Add it all up, and Dick has been surprisingly vital for Toronto. He hasn’t missed a game since Jan. 20, so let’s use that as a cutoff for some on/off data; since Jan. 20, Dick has had the third-highest on-court net rating on the Raptors. He’s only played just over 200 minutes in that stretch, so it’s not the largest of samples, but it is meaningful. Having movement shooters is important!
And even though Dick isn’t the highest volume shooter on the Raptors, he has been an important one. He is much bigger than Gary Trent jr., and shots that can’t come for Trent, or turn into sidesteps, can be open and clean up-and-downs for Dick. And unlike someone like Immanuel Quickley — who is a better movement shooter — Dick really has little else on his plate. He never forces it when he doesn’t have an immediate play, unlike some other shooters on the team. On the other hand, Quickley has completely changed his role in Toronto, and he has so many jobs, which means his minutes have pros and cons at times. Dick has one job, and he’s done it well. That can lead to a great on-court net rating, especially in so few minutes, when he’s protected from poor matchups. And stacking movement shooters, with both Dick and Quickley, can have lots of benefits. The sample size is poor, but it could mean something that among two-man lineups, Dick and Quickley are Toronto’s best pairing since Jan. 20.
Dick’s on-court offensive rating has been good, but his on-court defensive rating has been the second-best among rotation players, just below Barnes. Having players who always work, despite limitations, is beneficial. Sure, opponents are attacking him, and he does foul too much. But his effort, footwork, and hands have more than compensated, at least during this stretch.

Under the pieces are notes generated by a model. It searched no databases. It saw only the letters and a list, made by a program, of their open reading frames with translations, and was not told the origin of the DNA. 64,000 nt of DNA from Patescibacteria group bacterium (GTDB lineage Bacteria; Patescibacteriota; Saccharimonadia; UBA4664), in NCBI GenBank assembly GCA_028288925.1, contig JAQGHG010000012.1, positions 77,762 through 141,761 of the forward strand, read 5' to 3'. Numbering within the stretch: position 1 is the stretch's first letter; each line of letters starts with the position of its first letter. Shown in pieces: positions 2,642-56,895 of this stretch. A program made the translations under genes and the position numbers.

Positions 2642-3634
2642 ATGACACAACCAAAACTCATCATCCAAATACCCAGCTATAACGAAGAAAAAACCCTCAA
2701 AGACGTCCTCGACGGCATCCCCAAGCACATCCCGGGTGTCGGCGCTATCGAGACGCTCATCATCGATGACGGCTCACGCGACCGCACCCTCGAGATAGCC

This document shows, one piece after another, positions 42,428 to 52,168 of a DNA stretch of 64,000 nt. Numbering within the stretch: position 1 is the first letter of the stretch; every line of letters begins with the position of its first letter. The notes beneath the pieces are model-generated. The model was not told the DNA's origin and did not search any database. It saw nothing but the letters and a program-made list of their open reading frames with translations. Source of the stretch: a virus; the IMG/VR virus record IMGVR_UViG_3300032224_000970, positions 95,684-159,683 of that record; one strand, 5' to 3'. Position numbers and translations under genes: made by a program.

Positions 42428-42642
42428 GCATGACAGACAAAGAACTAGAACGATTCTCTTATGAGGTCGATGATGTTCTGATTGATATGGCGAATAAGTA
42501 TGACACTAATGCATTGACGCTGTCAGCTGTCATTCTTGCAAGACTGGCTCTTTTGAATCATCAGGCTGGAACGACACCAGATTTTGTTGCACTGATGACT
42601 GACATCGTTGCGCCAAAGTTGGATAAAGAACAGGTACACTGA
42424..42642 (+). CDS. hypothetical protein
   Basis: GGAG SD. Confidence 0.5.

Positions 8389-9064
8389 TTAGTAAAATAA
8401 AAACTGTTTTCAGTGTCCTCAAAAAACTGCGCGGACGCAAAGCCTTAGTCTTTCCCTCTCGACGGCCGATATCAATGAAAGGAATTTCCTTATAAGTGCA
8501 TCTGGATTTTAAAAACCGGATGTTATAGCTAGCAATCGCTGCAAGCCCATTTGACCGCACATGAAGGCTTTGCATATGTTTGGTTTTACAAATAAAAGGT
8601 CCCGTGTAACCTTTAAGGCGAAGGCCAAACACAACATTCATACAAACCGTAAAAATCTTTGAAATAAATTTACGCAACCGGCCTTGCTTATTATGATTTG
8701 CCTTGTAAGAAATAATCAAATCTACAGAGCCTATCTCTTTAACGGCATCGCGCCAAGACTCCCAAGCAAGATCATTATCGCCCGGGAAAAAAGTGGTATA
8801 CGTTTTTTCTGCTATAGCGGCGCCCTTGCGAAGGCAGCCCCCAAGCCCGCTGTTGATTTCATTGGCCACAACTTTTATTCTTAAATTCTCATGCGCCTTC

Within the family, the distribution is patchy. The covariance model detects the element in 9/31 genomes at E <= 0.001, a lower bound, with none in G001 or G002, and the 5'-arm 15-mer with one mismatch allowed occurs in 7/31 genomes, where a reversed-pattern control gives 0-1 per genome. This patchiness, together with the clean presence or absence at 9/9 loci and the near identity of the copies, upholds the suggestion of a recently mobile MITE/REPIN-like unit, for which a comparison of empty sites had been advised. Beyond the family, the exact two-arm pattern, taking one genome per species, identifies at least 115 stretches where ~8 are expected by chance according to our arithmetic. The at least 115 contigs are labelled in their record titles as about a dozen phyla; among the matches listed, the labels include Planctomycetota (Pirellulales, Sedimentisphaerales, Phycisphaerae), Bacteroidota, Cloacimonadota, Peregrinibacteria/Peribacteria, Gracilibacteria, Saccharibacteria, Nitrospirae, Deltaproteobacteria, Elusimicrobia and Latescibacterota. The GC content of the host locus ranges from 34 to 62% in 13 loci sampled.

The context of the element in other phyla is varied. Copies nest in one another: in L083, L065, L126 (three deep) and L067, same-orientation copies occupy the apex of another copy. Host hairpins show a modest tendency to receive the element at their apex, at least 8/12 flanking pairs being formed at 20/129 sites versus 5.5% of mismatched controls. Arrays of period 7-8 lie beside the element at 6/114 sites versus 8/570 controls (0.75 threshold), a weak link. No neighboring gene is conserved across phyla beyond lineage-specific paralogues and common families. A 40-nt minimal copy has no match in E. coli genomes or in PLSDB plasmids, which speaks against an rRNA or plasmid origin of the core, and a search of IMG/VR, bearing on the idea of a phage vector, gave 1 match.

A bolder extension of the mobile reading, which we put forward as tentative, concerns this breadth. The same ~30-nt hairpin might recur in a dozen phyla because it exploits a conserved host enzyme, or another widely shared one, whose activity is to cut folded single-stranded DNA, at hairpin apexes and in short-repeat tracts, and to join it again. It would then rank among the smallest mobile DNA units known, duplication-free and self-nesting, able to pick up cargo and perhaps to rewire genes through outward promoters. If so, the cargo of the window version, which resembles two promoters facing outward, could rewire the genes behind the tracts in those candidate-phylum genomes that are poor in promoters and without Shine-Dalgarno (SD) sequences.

It’s also important to note that Dick has had the second-worst off-court rating (meaning, the team has been at its worst with Barnes on the bench, with Dick following that). Again: movement shooters are important. And Dick has been an important component of the team’s success, so much so that the Raptors have missed him when he’s not in the game.
None of those numbers necessarily mean anything beyond the simplest takeaways: Dick has belonged, and Toronto has needed his skills. This is what Dick was supposed to be when the Raptors drafted him; this is the vision. HIs success has come in the varied ways it was supposed to. It just took a little longer than the Raptors or Dick might have expected.
He has been a terrific movement shooter, drilling his triples off of cuts and sidesteps and motion. But he has been much more. He has driven, passed, screened, cut, and offered oodles of value in his minutes. And even though he has clear defensive weaknesses, the Raptors have been better with him on the floor on that end, not worse.
It’s not hard to see Dick being a successful contributor for a long time to come. The means by which he has succeeded during the last month are evergreen means of contribution. And nothing he’s done has been fluky, or outside of his skills. He’s done it for a month. He can do it for a decade. And given what his weaknesses are — lack of strength, lack of awareness of what to always do with the ball in his hands, fouling — it’s more likely than not that he’s going to get much, much better as he addresses them. This is the exact player that should succeed, long term, alongside a star like Barnes.
Dick is finally the long-term building block Toronto drafted him to be. It just took a little longer than they wanted.